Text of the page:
From PMA Brethour’s July 2015 newsletter
EVER WONDERED what that loathsome land transfer tax is being used for?
Ontario has generated nearly $1.4 billion in revenue each year for the past four years through the tax, which buyers must pay upfront and in full when they close on a home purchase.
The City of Toronto, which introduced its own Municipal Land Transfer Tax in 2008 under former mayor David Miller, generated about $350 million in 2014 from the transaction fee, which when combined with provincial tax adds about 4 per cent to the price of an average home in the city. That’s an extra $24,000 if you’re buying a $600,000 property, a hefty chunk of change that has to be forked over, in its entirety, at closing. Land transfer taxes cannot be added to a mortgage.
It’s worth noting that no other municipality has land-transfer taxation powers like Toronto’s. Homebuyers here have the dubious distinction of being the only ones in Ontario to be double-taxed. Not very world class.
Combined, provincial and Toronto land transfer taxes generate $1.75 billion in revenue for government each year. And in a buoyant Toronto housing market that’s seeing property values continue to soar, land transfer taxes are guaranteed cash cows.
There’s just one small problem: taxpaying homebuyers have no idea what all these land transfer taxes are being used for. It ends up feeling like just another cash grab, a huge ATM fee that does nothing to help make homes more affordable for purchasers, particularly first-time buyers whose finances are already stretched to the limit.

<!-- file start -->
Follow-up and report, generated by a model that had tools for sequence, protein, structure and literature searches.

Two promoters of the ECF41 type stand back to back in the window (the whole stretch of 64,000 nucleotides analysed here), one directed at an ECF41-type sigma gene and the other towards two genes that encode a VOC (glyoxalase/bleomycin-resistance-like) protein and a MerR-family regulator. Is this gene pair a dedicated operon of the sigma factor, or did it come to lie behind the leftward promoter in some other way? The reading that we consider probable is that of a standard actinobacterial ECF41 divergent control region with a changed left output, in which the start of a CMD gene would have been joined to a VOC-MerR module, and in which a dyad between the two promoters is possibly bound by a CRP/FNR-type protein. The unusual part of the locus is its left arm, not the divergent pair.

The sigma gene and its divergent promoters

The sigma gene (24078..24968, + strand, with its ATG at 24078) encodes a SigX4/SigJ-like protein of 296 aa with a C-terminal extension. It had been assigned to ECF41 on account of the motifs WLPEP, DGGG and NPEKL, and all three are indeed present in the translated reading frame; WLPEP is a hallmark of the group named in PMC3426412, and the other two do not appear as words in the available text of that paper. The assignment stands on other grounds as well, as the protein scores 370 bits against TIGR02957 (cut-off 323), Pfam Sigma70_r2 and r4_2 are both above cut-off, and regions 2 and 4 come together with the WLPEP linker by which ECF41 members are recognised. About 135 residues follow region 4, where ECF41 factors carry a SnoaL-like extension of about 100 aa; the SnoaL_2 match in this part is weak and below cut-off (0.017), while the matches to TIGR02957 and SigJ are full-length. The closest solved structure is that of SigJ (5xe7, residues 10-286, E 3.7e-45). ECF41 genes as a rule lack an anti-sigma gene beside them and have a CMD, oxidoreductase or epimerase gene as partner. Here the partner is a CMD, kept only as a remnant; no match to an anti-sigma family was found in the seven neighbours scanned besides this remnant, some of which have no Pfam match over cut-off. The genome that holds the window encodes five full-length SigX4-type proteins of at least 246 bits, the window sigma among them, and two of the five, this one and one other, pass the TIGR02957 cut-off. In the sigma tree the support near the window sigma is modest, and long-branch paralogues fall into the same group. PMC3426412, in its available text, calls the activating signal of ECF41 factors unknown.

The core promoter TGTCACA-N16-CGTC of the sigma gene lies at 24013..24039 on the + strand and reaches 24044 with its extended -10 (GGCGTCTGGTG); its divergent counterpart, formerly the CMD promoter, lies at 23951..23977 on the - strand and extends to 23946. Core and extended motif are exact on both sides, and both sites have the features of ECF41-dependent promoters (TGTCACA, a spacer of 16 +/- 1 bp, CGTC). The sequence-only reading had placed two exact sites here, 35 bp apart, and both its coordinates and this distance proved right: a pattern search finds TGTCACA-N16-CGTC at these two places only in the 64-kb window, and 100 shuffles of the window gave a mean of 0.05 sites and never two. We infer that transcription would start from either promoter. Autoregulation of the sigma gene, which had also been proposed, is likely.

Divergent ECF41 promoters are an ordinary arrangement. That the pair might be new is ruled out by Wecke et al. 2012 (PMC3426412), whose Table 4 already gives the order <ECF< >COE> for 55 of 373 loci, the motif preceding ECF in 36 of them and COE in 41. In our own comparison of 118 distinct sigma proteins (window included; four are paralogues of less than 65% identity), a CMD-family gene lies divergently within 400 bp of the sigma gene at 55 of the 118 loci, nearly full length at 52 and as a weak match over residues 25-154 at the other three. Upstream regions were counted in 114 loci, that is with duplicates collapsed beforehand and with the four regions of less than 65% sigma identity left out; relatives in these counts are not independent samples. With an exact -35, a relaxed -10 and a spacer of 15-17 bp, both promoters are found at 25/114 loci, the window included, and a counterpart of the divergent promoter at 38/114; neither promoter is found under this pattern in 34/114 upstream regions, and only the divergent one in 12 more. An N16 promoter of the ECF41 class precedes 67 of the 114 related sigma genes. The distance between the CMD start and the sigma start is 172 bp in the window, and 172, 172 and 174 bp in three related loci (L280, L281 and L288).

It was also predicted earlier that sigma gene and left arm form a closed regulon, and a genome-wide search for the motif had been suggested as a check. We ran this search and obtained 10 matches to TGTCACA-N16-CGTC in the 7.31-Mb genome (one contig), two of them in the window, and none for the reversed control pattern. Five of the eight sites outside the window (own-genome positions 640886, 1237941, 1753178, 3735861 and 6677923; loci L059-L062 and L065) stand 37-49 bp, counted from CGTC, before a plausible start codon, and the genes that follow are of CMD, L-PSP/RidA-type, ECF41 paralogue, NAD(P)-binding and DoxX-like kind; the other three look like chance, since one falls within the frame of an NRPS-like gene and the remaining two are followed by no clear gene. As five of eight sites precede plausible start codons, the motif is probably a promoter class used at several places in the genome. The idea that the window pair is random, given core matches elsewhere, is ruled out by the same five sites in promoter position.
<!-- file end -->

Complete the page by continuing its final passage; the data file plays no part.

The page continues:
With no explanation as to what becomes of the land transfer tax proceeds, then, we can only assume the money flows into the government’s general revenue coffers, and it’s anyone’s guess what it ends up funding from there.
Meanwhile, the province and Toronto claim to be constantly scraping for money to allocate toward the city’s transit infrastructure, which despite recent funding commitments remains the greatest area of need in Canada’s largest metropolis.
David Miller’s successor, Rob Ford, suggested abolishing the Toronto land transfer tax. And both the Toronto Real Estate Board and Ontario Real Estate Association have been pushing for years to get rid of it, arguing it does far more harm than good to the city’s economy by hampering home purchases.
Here’s a better solution: rename it the land transit tax, and dedicate the proceeds—or at least a significant portion of them—to funding Toronto transit.
Obviously the province’s $1.4 billion in transfer-tax revenue cannot be entirely allocated to Hogtown (we don’t want to incite another Upper Canada rebellion here).
But real estate transactions in this city represent 60 per cent of the overall Ontario tax yield. So that could translate into $850 million in Toronto’s new land transit tax. Combined with the city’s $350 million in land transfer tax funds, it means there would $1.2 billion available for transit in Toronto. Just imagine the possibilities.
A high quality transit system is essential to the city’s sustainable growth, and a land transit tax would be a great way to pay for it. But make no mistake: this is also about ensuring government transparency and accountability to taxpayers.
Rather than leaving us to assume that land transfer tax proceeds disappear into a general revenue black hole, with no clue as to what they’re being used for, a land transit tax would give folks a clear sense of what they’re being dinged for when they buy a home. And most would likely have little issue paying, knowing that it’s helping make Toronto a better city.
A land transit tax won’t cost taxpayers any more than what they’re paying right now. And the best part of all is it would mean an end to the non-stop debate over Toronto transit funding. A dedicated, fixed annual budget could be created based on the new land transit tax, and then bam! Suddenly plans that have been on the drawing board for decades can at long last come to fruition.
Downtown relief line, anyone?